—Karl-Heinz Frieser58

Just as the Maginot Line created an illusion of security, guaranteed standoff, and physical protection that made its shattering all the more shocking to the French polity, the pursuit of militarized RAS and AI has led many to believe that the key to a more efficient and secure future lay within these technologies. The United States Armed Forces owe themselves and their civilian leaders honesty regarding a prudent approach to integrating AI and a pragmatic vision of the threats and risks associated with relying on these systems to achieve future policy goals.

The fact that competitors such as Russia and China are pursuing this technology narrows the decision space of leaders in the United States. In this way, the Pentagon is obligated to explore autonomous weapons as force multipliers. What it should not do, however, is allow the joint force and the citizens they serve to believe that RAS and AI have the ability to alter the brutal nature of war or adjudicate its conditions once an adversary has committed its forces to battle.

Looking ahead, the JAIC and U.S. Army Futures Command should be as focused on informing senior defense leaders and policymakers of what RAS and AI cannot do—and what could go horribly wrong—as they are concerned with telling them what it might do. Through all this, the JAIC must take a page out of U.S. Central Command’s by-with-through playbook and integrate to the greatest extent possible warfighters with no technical AI experience into their decision cycle.59 If the joint force is to benefit substantively from a Third Offset consisting of RAS and AI in ground warfare, it will require immense buy-in from the fighting ranks who will most assuredly be asked to rely on such experimental and potentially volatile technology with their lives.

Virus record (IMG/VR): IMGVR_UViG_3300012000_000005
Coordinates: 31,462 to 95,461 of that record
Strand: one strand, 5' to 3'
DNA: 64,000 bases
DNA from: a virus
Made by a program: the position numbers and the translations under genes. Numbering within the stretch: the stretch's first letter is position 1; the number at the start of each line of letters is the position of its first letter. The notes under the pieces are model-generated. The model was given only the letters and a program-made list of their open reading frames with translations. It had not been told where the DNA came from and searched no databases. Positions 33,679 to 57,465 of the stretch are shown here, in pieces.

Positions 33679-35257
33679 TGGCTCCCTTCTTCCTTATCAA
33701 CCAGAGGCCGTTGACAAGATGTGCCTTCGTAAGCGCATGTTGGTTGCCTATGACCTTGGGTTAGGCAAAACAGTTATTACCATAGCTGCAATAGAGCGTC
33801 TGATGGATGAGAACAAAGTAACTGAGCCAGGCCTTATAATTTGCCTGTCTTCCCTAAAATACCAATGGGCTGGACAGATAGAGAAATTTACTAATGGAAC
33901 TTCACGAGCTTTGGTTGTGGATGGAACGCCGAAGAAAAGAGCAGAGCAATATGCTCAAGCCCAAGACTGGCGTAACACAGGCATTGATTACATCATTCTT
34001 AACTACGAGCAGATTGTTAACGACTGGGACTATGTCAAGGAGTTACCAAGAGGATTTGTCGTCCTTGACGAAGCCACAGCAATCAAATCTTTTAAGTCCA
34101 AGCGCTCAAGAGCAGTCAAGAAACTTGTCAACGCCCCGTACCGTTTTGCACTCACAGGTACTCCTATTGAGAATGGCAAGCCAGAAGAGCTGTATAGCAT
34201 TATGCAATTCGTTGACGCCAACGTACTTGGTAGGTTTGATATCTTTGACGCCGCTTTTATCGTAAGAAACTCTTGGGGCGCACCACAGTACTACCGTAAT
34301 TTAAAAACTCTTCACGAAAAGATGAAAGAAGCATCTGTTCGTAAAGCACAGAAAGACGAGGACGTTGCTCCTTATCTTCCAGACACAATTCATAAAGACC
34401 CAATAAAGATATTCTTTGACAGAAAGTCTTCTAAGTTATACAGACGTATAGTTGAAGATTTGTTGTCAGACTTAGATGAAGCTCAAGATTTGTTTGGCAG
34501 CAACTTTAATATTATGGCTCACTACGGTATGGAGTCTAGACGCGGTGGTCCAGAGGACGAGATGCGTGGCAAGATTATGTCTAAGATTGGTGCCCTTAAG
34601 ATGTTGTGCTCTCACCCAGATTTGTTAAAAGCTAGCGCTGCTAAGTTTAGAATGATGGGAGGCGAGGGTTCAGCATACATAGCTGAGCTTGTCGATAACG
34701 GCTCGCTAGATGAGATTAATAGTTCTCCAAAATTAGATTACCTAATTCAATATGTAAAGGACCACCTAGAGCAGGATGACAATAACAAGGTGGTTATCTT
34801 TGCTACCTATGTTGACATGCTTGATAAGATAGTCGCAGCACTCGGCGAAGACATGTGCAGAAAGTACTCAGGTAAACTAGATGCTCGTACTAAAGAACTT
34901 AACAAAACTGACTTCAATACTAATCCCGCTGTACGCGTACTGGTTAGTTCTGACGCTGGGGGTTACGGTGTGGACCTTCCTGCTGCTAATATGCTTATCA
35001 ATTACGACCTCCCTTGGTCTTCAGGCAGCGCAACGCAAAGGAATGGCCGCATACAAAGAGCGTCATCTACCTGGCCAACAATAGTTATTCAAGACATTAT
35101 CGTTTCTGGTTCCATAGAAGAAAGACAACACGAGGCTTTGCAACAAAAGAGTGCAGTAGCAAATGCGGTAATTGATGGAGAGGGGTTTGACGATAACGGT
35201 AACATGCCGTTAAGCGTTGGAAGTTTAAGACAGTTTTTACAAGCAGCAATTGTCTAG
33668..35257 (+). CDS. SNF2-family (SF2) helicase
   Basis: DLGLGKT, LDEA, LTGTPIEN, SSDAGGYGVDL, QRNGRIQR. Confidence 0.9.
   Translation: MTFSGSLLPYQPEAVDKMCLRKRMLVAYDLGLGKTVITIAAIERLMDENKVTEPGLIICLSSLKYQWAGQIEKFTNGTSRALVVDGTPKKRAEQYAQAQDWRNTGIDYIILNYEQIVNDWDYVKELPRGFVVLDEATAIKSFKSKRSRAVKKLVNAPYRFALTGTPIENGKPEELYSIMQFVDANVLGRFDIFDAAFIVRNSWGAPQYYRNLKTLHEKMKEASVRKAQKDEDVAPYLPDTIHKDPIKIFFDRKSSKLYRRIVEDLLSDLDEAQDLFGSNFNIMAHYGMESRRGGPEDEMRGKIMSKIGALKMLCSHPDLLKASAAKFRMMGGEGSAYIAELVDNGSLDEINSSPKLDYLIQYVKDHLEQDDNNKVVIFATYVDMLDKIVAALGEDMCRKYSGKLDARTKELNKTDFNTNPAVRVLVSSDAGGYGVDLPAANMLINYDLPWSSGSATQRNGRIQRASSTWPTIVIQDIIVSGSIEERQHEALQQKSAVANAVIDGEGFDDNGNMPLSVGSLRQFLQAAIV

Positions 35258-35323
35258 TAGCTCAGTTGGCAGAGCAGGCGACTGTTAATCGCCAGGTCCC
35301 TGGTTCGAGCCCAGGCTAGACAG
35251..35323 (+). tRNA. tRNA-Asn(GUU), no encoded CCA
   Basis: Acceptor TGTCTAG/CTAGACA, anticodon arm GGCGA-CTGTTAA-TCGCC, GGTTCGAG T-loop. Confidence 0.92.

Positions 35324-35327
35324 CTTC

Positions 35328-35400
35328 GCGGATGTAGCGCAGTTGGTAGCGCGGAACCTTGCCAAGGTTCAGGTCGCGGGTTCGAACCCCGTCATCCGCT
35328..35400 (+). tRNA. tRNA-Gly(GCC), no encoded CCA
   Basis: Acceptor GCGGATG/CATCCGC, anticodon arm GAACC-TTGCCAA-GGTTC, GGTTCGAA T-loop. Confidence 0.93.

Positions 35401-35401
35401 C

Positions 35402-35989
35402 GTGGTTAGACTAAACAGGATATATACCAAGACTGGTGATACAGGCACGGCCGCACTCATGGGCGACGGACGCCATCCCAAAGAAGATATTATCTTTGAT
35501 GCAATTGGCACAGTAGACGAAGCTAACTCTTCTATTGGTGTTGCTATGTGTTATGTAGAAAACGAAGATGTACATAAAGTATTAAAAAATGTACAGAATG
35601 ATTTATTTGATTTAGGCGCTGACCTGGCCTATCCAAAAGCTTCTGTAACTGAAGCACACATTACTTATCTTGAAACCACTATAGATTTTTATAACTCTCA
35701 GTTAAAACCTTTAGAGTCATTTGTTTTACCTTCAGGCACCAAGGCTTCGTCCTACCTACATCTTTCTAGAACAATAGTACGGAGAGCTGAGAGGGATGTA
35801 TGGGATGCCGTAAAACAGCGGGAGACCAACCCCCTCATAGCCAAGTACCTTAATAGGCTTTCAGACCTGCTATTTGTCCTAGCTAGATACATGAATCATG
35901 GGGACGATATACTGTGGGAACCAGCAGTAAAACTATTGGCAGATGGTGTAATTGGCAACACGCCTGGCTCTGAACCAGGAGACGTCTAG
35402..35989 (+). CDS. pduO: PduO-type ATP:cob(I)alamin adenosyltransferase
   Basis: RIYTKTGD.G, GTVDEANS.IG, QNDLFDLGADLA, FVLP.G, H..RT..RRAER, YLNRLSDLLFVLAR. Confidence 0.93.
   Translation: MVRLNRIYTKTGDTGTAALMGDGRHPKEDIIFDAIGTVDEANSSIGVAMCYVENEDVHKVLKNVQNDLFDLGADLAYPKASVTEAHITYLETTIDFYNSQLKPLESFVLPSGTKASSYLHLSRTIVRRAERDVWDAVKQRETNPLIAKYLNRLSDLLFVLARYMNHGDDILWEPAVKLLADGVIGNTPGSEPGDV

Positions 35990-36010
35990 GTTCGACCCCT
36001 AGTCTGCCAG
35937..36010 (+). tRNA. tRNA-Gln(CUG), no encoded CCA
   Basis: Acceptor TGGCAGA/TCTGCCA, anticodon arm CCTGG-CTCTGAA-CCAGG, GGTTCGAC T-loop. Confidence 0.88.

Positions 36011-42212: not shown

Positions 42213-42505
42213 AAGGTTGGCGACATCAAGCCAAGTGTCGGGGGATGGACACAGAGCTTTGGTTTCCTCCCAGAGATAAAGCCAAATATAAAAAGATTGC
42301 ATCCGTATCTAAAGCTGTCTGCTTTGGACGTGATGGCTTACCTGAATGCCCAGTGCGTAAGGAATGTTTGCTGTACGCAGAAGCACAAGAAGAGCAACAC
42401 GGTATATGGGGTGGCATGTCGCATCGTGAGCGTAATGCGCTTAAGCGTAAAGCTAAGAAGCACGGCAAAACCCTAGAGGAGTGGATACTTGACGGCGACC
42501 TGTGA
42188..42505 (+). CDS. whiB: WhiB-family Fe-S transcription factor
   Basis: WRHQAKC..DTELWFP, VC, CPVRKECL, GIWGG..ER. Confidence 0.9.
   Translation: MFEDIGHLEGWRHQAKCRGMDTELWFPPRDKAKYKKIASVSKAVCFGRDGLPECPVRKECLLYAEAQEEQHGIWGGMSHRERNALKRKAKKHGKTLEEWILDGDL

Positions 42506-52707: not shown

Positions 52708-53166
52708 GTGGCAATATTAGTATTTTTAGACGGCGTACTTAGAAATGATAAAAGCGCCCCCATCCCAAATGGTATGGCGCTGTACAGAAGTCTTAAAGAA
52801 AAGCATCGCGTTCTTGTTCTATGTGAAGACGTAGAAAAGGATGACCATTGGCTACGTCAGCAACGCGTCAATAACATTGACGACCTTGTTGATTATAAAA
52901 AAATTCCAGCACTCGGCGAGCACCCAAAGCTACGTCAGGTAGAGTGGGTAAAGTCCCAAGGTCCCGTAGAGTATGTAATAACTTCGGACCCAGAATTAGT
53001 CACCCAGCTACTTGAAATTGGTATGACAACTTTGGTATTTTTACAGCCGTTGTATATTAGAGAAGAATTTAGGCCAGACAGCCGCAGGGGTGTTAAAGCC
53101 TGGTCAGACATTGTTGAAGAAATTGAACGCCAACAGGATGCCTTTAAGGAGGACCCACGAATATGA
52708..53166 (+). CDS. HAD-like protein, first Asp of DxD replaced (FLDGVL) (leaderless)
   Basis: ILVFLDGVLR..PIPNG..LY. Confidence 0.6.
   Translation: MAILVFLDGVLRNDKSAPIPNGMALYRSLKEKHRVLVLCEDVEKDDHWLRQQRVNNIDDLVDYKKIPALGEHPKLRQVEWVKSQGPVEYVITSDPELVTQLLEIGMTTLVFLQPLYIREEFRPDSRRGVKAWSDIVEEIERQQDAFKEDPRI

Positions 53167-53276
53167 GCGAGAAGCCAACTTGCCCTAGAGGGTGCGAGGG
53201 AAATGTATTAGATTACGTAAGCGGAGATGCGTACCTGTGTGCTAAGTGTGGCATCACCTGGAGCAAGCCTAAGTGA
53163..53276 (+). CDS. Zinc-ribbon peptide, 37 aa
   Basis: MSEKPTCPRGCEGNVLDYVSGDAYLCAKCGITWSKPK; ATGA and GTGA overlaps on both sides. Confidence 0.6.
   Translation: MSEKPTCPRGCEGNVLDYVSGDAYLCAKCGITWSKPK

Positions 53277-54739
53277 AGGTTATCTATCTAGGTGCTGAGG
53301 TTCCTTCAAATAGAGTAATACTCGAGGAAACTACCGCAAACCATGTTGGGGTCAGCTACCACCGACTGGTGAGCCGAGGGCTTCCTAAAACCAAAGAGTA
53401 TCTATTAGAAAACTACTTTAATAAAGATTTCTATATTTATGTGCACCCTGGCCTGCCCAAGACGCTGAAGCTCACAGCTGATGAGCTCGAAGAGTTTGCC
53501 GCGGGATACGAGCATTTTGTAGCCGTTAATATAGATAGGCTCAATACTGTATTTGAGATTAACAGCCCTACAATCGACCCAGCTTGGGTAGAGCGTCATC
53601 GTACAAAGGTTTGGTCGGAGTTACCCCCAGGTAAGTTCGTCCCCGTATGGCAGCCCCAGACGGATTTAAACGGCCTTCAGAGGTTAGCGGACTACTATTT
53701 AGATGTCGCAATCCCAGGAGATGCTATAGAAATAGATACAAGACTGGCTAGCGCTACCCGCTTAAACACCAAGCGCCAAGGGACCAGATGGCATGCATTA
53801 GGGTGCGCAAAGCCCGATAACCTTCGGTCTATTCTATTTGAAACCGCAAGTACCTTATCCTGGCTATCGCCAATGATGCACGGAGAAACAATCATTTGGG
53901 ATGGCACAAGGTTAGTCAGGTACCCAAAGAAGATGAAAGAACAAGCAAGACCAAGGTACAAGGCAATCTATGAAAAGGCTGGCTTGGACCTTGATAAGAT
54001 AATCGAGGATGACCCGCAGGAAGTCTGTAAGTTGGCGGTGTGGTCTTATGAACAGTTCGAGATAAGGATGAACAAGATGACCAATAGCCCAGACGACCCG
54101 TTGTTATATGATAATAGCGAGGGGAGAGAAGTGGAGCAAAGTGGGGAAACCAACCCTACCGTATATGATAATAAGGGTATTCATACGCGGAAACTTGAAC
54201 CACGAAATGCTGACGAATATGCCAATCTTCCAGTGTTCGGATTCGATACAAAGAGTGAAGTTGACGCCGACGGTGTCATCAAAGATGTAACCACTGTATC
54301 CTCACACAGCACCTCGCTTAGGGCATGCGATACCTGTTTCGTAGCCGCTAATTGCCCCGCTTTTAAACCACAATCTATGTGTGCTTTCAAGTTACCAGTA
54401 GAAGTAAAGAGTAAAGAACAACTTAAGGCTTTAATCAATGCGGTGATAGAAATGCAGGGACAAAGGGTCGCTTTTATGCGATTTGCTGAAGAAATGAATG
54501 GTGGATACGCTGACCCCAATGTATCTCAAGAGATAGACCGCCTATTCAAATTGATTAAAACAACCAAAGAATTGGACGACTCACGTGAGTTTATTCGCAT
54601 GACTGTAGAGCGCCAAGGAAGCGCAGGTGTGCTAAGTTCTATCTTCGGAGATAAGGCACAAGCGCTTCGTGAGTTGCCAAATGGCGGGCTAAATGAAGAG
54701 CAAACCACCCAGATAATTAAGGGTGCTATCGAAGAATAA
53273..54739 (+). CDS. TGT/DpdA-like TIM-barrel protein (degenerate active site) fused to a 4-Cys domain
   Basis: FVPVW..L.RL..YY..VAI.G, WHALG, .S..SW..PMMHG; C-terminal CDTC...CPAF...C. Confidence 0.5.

JAIC Director Dana Deasy’s statement before the U.S. House of Representatives Armed Services Subcommittee on Intelligence and Emerging Threats and Capabilities mentioned cooperation with U.S. Special Operations Command and the U.S. Army’s new AI Task Force.60 These relationships will be essential to the development of utilitarian, functional AI that directly supports warfighters’ needs rather than impressing a surge of fresh requirements upon them. Unit commanders would then be free to train for operating in technologically degraded environments even as they introduce their formations to emergent technologies in their combat training center rotations and culminating exercises.

It is also important to remember that as many opportunities as RAS and AI offer, they summon just as much liability to both force and mission.61 Organizations such as the JAIC and U.S. Army Futures Command will be under immense pressure to “modernize” rapidly in accordance with guidance in the 2018 U.S. National Defense Strategy and the strategies of each military service. But answering the question of what modernization looks like and which specific demands must be met for the joint force to fight and win is of greater importance than beating Russia or China in a generic AI arms race.

If, as Colin Gray suggests, prudence is the essence of strategy, then the urgency with which the Pentagon pursues modernization through RAS and AI must be tempered by a healthy dose of caution regarding the second- and third-order effects of AI on strategic coherence and post-war political legitimacy.62

When technological advantages are degraded, denied, destroyed, or just not capable of achieving the political objectives in war, human soldiers with the tenacity and ingenuity to adapt will remain the most effective offense and the last line of defense. Beyond the mire of discussions surrounding hybrid war, cyber war, robot war, and operations below the threshold of war, the threat of war still looms. Should that threat present itself, if the past is any prologue, the ensuing conflict will be chaotic beyond imagination. Perhaps RAS and AI will play a role in controlling that chaos—but then again, perhaps they will add to it. In any case, the nation that most effectively nurtures the moral factors of war by tapping into and managing properly the human potential within its ranks and its strategies will have the advantage. PRISM